Since the 1970s, the many species of birds that hunt insects in flight have seen their populations drop by 80 percent or more, and no one knows why.
The Connecticut Audubon Society recently presented its eighth annual Connecticut State of the Birds report, which this year looks at the alarming condition of the so-called "aerial insectivores," the birds and bats that catch insects in mid-air, as opposed to foraging on the ground or on plants. The report was released at Audubon's Fairfield Center.
"They're disappearing much faster than any of the threatened perching birds," said avian scientist Shannon Kearney-McGee, of the state Department of Energy and Environmental Protection, who co-authored the report with nine other biologists and researchers. "So there is something going on, and this is a Northeast-focused decline."
She said even the chimney swift, which by all accounts was a rugged species that adapted easily to change, has seen its population crash by more than 90 percent since the 1960s.
"A lot of these birds that return in the summer aren't breeding," she said. "And the common nighthawk, we just don't see them anymore here in Connecticut."
Kearney-McGee said even though humans might consider the insect population plentiful, birds likely have a different perspective.
"If they're not the `right' insects, it would be like going to the supermarket and only finding celery," she said, noting that beetles could be lacking in the atmosphere.
She said that scores of scientists throughout the Northeast and eastern Canada are trying to unravel the mystery, but as yet, there is no obvious reason, or group of reasons, for the decline.
The centerpiece of this year's report was the paper, "The Seventh Habitat and The Decline of Our Aerial Insectivores."
The "seventh habitat" refers to our atmospheric layer, which scientists say is home to an unexpectedly large biomass of insects and spiders, animals that use high-altitude air currents to migrate from one place to another. For nearly a century, airplane pilots have anecdotally reported insect strikes above the clouds, and only recently have scientists had proof that there is indeed a sizable population of invertebrates in the sky.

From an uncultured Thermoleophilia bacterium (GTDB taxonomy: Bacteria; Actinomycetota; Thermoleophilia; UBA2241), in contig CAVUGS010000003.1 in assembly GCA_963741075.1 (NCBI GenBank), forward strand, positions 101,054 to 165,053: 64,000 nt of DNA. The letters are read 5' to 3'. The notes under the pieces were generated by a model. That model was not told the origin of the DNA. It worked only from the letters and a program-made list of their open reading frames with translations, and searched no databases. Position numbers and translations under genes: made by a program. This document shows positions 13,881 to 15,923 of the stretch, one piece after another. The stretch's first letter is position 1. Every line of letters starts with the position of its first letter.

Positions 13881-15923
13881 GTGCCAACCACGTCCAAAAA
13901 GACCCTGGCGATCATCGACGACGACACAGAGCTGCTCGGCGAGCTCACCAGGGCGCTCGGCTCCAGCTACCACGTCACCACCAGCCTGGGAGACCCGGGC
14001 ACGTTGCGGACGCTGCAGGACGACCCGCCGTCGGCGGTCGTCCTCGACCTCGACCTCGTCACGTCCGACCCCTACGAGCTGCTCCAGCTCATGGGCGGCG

Even troglodytic species, like termites and ants, have been found thousands of feet up.
"The drop in the populations of these aerial insectivores is quite likely an indicator that something is quite amiss in our environment," said Ralph Wood, board chairman of the Connecticut Audubon Society. "As you know, problems with the environment often manifests themselves first with birds."
There is no shortage of ideas as to why these species are crashing and why their numbers are dropping much faster than those of most other birds in the Northeast. Some of these include:
Populations of insects are dropping, too.
Because of global warming, storms are more intense, making migrations treacherous.
Changing conditions in South America, where some of these species overwinter.
A buildup of contaminants in the environment.
Lack of nesting sites.
Non-native and invasive plants don't support the species of insects that these birds like to eat.
"If this entire guild of birds relies on flying insects, and their populations are declining, well, something is rotten in the state of Denmark," said Milan G. Bull, CAS senior director of science and conservation. "There are lot of possibilities, but there seems to be no one answer as to why."
The decline is seen both in birds like the least flycatcher, which darts out from a branch to snare an insect in flight, to the "coursers," like the purple martin, which cruise through the air to catch insects and spiders in the sky. The only common dominator is that they all catch insects in flight.
"The decline is of serious concern to all of us," said Susan K. Whalen. deputy commissioner of the state Department of Energy and Environmental Protection.
"I have 48 gourds, and we had over 150 fledges last year," said Donahue, who attended the report's release at CAS headquarters on Friday.
He said that people can check up on the martins by logging onto his website www.gazebophil.com, which has a view from a camera mounted inside one of the plastic gourds. "The birds arrive with the tax man, and the eggs appear in late April or early May. They fledge in August. I get mail from people all over the world who watch it -- soldiers in Iraq, people in Singapore, Venice, Montana -- even a bank in Rhode Island has it up on a monitor in their lobby."